Attaining higher education and the requisite technical skill is the first step to becoming a subject specialist and excel in one’s desired career. The same goes for having a career in art. All budding artists often find themselves asking the question whether art school is worth the cost or not? To answer this question, let us analyze the cost of art school vs the tangible benefits it may deliver.
The latest statistics do not paint a very hopeful picture for art schools. The success rate for art schools across the globe is quite shocking; with only 10% of graduates pursuing jobs that are related to their field of study. Add to it the fact that in the USA, 7 out of 10 most expensive universities are art schools. This makes art schools appear not a very worthy investment.
Traditional Way of Teaching Art
- Traditionally, art education has been different than other disciplines of academia. Art has been treated more as a skill like carpentry or shoemaking and it was passed down from the maestro to the budding artist.
The student artist used to study with a successful artist who specialized in one field of art and sold his work successfully. After being trained under the maestro, the apprentice would establish himself as an individual artist. This had been the way art flourished until 1900s. After that, art schools came into picture where the teaching was more formalized but the true essence of art was somewhat lost.
- In art schools, there is a greater emphasis on abstract ideas and less focus on understanding the technical skills which go into the creation of certain type of art. The traditional way of teaching art where the essence of art was passed on from one skilled person to another has been lost due to the different teaching approach taken up by art schools.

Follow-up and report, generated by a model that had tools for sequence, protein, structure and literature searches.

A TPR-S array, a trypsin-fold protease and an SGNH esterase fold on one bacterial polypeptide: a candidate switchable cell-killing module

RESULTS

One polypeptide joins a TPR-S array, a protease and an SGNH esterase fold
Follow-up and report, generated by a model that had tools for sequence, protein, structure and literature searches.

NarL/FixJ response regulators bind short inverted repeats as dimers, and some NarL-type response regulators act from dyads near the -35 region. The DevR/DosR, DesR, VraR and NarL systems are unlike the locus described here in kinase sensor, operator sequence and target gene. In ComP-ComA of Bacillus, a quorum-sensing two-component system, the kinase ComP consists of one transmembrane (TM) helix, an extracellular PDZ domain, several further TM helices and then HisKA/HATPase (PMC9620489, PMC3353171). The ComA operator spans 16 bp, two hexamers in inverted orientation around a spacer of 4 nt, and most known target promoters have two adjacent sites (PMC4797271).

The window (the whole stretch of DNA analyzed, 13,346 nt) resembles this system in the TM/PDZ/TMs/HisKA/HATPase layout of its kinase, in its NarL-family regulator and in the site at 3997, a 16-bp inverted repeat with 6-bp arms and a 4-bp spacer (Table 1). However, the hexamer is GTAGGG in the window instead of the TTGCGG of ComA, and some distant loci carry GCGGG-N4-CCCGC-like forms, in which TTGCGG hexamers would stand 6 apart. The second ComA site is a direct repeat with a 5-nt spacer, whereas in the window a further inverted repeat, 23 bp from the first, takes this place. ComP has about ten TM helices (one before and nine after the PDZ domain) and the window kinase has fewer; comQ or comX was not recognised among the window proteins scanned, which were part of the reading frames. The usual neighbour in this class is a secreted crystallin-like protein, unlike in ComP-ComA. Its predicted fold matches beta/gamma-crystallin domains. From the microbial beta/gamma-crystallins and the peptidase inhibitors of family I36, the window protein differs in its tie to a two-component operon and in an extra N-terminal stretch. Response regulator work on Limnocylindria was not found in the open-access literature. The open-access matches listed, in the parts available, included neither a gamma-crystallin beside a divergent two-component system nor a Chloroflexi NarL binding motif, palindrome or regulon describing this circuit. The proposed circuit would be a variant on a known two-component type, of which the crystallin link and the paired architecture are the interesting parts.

You May Not Find The Best Teacher
Art schools boast top-quality art teachers but this can be hit or miss. Many of them do not have a lot of hands on experience of creating art professionally. Rather they themselves are graduates of art schools which taught theory but not technical skill. If you join an art school, you may end up with a teacher who may not be able to hone your artistic skills. For this reason, always check out a prospective teacher’s portfolio and ask yourself if you would want to trade places with this artist. If their work is less than stellar, then why spend your time under their tutelage? Ideally, you want your teacher to have the right blend of technical skill, education, professional experience and ease of communication.
While it is difficult to conclude whether art schools are not worth the enormous investment of time and expense, the glaring institutional shortcomings and disheartening statistics can make the path to success very narrow on this route. This reality is the main driver of the golden age of online learning that we are witnessing currently.
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